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As movie theater goers watch the Incredible Hulk take on his nemesis Abomination during a New York city rooftop battle in "The Incredible Hulk," few, if any, will be thinking about the storage power necessary to make the computer generated movie scenes.
In taking on its largest movie project yet, Soho VFX, a Toronto-based visual effects creator, knew it would need more capacity than on earlier projects. Berj Bannayan, Soho co-founder and software engineer, said the decision to go with a Blue Arc Titan 2000 was based on reliability and speed.
Computer-generated imaging (CGI) files are massive to store and retrieve. Quick rendering the pulling and storing images for artistic creation is required for smooth scene development and video editing.
"There was a certain complexity in that Hulk sequence on the rooftop, and just a huge amount of data was needed. We needed something to quickly move those digital assets from storage to rendering," said Bannayan.https://o1.qnsr.com/log/p.gif?;n=203;c=204650394;s=9477;x=7936;f=201801171506010;u=j;z=TIMESTAMP;a=20392931;e=i
Film generation and video production are two industries grappling with unique storage challenges, as the data files are huge. Blue Arc is just one of several storage vendors pushing big boxes and new storage technologies to try and ease the pain points tied to massive data piles.
On "The Chronicles of Narnia," a previous film project, Soho's data storage topped out at about 16 terabytes. The Hulk project was going to be double the number of scene shots and image files as "Narnia," to roughly 150 shots.
The Hulk project required what Bannayan called a "constant flood of data" as well as 24-hour rendering work at the end of production. Creating sequences required simultaneous split-second demands for hundreds of gigabytes of data-intensive image files as well as intermediate files created during 3D animation. It involved loading 700 gigabytes of color-related data repeatedly in any given week.
"The time in pulling images from stored archives plays a critical role in editing, as it can make the process more efficient and faster," explained Bannayan.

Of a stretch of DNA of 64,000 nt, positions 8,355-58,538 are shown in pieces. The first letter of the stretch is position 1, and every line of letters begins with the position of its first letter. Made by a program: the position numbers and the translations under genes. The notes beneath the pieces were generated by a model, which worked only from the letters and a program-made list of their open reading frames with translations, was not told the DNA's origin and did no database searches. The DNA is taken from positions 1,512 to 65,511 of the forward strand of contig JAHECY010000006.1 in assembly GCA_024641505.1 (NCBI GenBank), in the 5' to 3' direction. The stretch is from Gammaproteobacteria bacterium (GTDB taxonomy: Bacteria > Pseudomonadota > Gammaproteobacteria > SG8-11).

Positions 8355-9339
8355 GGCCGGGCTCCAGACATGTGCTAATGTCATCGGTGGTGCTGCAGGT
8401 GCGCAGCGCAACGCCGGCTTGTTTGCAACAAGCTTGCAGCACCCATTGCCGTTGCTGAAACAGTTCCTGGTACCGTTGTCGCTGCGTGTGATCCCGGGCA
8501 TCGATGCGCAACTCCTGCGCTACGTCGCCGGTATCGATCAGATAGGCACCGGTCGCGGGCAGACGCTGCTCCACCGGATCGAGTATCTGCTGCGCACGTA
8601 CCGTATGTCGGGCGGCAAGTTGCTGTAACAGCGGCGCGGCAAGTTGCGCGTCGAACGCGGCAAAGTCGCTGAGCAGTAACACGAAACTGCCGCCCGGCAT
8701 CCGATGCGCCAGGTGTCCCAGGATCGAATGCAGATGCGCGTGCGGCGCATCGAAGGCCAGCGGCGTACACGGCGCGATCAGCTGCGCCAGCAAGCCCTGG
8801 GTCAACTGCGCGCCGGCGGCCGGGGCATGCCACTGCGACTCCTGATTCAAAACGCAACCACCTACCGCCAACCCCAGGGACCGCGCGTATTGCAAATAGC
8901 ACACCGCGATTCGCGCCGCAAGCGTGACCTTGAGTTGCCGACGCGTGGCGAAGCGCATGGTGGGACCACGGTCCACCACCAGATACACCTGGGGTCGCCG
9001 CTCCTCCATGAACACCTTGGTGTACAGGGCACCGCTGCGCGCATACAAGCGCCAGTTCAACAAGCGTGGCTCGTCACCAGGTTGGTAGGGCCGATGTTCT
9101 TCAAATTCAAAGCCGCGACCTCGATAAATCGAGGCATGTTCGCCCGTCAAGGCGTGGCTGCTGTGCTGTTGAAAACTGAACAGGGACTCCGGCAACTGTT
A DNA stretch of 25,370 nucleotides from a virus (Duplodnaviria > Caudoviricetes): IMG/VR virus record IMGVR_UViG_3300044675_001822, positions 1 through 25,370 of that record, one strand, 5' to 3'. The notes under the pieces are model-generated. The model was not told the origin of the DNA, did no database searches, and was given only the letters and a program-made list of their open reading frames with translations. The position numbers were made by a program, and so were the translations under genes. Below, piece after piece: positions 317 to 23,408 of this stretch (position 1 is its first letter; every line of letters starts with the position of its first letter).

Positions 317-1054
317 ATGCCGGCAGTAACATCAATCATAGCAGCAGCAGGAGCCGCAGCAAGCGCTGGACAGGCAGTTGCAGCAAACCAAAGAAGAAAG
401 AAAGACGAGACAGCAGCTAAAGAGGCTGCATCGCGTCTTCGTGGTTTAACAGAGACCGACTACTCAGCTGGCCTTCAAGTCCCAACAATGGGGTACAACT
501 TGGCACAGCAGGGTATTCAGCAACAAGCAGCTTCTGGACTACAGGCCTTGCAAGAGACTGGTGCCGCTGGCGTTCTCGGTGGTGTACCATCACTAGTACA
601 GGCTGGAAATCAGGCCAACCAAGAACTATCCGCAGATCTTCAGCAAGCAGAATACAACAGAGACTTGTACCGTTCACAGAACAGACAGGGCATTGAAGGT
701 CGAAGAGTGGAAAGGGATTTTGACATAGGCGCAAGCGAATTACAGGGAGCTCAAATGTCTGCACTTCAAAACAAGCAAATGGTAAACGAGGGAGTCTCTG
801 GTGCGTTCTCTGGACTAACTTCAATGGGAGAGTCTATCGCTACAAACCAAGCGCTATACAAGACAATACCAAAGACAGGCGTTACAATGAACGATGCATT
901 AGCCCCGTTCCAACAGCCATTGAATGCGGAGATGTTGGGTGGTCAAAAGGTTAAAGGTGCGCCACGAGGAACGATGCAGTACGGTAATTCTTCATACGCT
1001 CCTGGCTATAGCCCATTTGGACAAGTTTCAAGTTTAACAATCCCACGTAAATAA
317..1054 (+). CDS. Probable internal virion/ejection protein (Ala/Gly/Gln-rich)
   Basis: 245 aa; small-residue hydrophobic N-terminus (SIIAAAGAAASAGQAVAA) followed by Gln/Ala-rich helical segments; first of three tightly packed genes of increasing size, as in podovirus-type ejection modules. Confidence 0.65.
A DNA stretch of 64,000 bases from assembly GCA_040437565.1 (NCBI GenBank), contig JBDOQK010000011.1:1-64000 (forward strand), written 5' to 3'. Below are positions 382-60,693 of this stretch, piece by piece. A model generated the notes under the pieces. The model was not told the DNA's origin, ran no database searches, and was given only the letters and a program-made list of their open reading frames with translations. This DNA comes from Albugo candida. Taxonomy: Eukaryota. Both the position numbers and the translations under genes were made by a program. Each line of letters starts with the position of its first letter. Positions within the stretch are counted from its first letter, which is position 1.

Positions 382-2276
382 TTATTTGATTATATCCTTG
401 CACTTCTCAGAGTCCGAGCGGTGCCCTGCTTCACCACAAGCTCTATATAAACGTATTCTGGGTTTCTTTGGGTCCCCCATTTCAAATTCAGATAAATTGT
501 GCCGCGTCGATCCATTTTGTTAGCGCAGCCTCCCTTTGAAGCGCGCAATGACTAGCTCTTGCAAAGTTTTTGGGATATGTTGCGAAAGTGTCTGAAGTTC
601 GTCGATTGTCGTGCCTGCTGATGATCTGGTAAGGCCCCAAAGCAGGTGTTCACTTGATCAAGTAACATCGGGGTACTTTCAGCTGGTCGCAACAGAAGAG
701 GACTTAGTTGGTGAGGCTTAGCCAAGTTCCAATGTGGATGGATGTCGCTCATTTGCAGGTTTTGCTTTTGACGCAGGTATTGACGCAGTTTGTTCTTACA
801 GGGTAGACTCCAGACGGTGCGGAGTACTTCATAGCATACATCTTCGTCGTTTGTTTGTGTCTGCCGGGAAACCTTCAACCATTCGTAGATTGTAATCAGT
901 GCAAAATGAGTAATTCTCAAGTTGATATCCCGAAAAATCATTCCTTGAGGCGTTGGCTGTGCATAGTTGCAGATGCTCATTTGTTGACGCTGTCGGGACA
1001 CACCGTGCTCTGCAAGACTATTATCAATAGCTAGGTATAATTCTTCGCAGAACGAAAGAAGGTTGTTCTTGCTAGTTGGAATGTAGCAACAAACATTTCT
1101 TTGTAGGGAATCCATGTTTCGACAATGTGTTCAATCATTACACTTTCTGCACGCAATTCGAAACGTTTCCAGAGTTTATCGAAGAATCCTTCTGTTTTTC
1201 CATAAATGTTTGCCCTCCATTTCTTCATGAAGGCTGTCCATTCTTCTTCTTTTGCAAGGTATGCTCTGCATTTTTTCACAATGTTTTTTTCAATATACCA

The BlueArc Titan 2000 series server, which anchors the visual effects studio's production technology infrastructure, expanded the studio's disk capacity from 16 to 38 terabytes of Fibre Channel storage.
Titan supports five gigabits per second of throughput performance at the entry level or 10 Gbps of data throughput in a high-performance configuration. The object-based file system scales to two petabytes and supports virtual volumes containers for managing data capacity which can expand to meet allocation needs.
When the visual studio was founded six years ago, there were four staffers, one server, and a six-CPU storage farm. The homegrown storage approach quickly needed to expand, but that was easier said than done.
"That approach did not scale easily or well," said Bannayan, adding that today there are 100 workstations and 38 terabytes of storage in play.
The dynamics of special effects and animation technologies bring unique storage challenges, according to John Affeld, senior director of product marketing at Blue Arc.
"There is a life flow to production, and peak and demand times can be acute in the rendering process," said Affeld. "The goal is reducing and eliminating wait times for digital artists."
"It's called the coffee effect, where artists have to wait for a file and so they go get coffee. With quicker retrieval, they have more time to do what they need to and the storage aspect does not interfere with the product rendering process," he said.
The Titan also offers easy management tools, which Affeld said helps reduce IT work for small companies that may not have storage administrators.
In fact, Bannayan has pretty much served as the de facto storage leader at Soho.
"We have a small system staff that handles servers and network, but we don't need someone to take care of the Titan as it's self-maintaining, which helps make us more efficient," said Bannayan.
Article courtesy of Internet News